Brand Finance calculates the values of brands in its rankings using the Royalty Relief approach – a brand valuation method compliant with the industry standards set in ISO 10668. It involves estimating the likely future revenues that are attributable to a brand by calculating a royalty rate that would be charged for its use, to arrive at a ‘brand value’ understood as a net economic benefit that a brand owner would achieve by licensing the brand in the open market.

The steps in this process are as follows:

1 Calculate brand strength using a balanced scorecard of metrics assessing Marketing Investment, Stakeholder Equity, and Business Performance. Brand strength is expressed as a Brand Strength Index (BSI) score on a scale of 0 to 100.

2 Determine royalty range for each industry, reflecting the importance of brand to purchasing decisions. In luxury, the maximum percentage is high, while in extractive industry, where goods are often commoditised, it is lower. This is done by reviewing comparable licensing agreements sourced from Brand Finance’s extensive database.

3 Calculate royalty rate. The BSI score is applied to the royalty range to arrive at a royalty rate. For example, if the royalty range in a sector is 0-5% and a brand has a BSI score of 80 out of 100, then an appropriate royalty rate for the use of this brand in the given sector will be 4%.

4 Determine brand-specific revenues by estimating a proportion of parent company revenues attributable to a brand.

5 Determine forecast revenues using a function of historic revenues, equity analyst forecasts, and economic growth rates.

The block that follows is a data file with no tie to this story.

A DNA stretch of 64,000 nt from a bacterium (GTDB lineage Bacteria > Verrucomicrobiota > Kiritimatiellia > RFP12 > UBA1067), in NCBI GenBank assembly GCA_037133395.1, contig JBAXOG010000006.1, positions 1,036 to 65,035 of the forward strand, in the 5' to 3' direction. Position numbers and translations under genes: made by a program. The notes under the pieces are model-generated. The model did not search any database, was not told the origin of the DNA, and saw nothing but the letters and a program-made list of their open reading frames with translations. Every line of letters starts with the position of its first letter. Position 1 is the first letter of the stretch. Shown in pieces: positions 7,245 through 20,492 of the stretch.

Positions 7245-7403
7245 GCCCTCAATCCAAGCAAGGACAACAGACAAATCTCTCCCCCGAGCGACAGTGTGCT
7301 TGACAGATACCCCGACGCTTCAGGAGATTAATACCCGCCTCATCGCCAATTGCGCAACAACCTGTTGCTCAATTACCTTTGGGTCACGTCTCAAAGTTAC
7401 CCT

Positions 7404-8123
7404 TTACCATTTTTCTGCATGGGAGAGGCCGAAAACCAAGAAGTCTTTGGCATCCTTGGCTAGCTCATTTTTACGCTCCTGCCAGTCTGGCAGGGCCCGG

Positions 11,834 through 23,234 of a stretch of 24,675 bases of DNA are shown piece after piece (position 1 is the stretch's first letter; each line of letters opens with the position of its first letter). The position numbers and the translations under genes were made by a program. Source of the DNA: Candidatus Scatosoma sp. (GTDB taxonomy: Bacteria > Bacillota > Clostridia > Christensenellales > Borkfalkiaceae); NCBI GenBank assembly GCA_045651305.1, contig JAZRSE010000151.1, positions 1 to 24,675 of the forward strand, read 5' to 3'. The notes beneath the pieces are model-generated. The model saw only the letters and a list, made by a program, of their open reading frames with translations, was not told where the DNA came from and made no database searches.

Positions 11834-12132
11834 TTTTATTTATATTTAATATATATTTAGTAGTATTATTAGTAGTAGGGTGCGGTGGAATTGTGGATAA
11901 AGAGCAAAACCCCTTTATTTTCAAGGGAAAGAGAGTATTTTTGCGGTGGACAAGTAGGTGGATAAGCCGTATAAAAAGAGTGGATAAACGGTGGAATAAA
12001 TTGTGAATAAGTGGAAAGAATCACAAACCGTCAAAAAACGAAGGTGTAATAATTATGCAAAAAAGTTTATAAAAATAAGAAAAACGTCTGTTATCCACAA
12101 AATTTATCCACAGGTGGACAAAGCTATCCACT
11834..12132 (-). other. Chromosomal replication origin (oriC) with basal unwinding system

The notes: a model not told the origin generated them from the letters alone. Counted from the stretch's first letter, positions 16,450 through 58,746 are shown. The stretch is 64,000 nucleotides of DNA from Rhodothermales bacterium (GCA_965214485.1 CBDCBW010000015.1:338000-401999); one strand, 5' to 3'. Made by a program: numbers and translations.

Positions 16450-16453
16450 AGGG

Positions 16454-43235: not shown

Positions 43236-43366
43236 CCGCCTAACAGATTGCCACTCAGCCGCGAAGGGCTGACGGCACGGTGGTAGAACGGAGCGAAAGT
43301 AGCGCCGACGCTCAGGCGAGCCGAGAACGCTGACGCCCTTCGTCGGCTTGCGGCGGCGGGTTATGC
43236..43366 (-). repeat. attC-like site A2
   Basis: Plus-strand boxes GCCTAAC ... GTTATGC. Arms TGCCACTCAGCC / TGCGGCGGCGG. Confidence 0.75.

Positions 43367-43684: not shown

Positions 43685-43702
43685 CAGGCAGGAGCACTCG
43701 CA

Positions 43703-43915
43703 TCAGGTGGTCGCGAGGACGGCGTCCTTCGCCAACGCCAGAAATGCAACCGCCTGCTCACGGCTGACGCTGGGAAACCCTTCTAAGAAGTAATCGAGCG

6 Apply the royalty rate to the forecast revenues to derive brand revenues.

7 Discount post-tax brand revenues to a net present value which equals the brand value.

Disclaimer

Brand Finance has produced this study with an independent and unbiased analysis. The values derived and opinions presented in this study are based on publicly available information and certain assumptions that Brand Finance used where such data was deficient or unclear. Brand Finance accepts no responsibility and will not be liable in the event that the publicly available information relied upon is subsequently found to be inaccurate. The opinions and financial analysis expressed in the study are not to be construed as providing investment or business advice. Brand Finance does not intend the study to be relied upon for any reason and excludes all liability to any body, government, or organisation.

The data presented in this study form part of Brand Finance's proprietary database, are provided for the benefit of the media, and are not to be used in part or in full for any commercial or technical purpose without written permission from Brand Finance.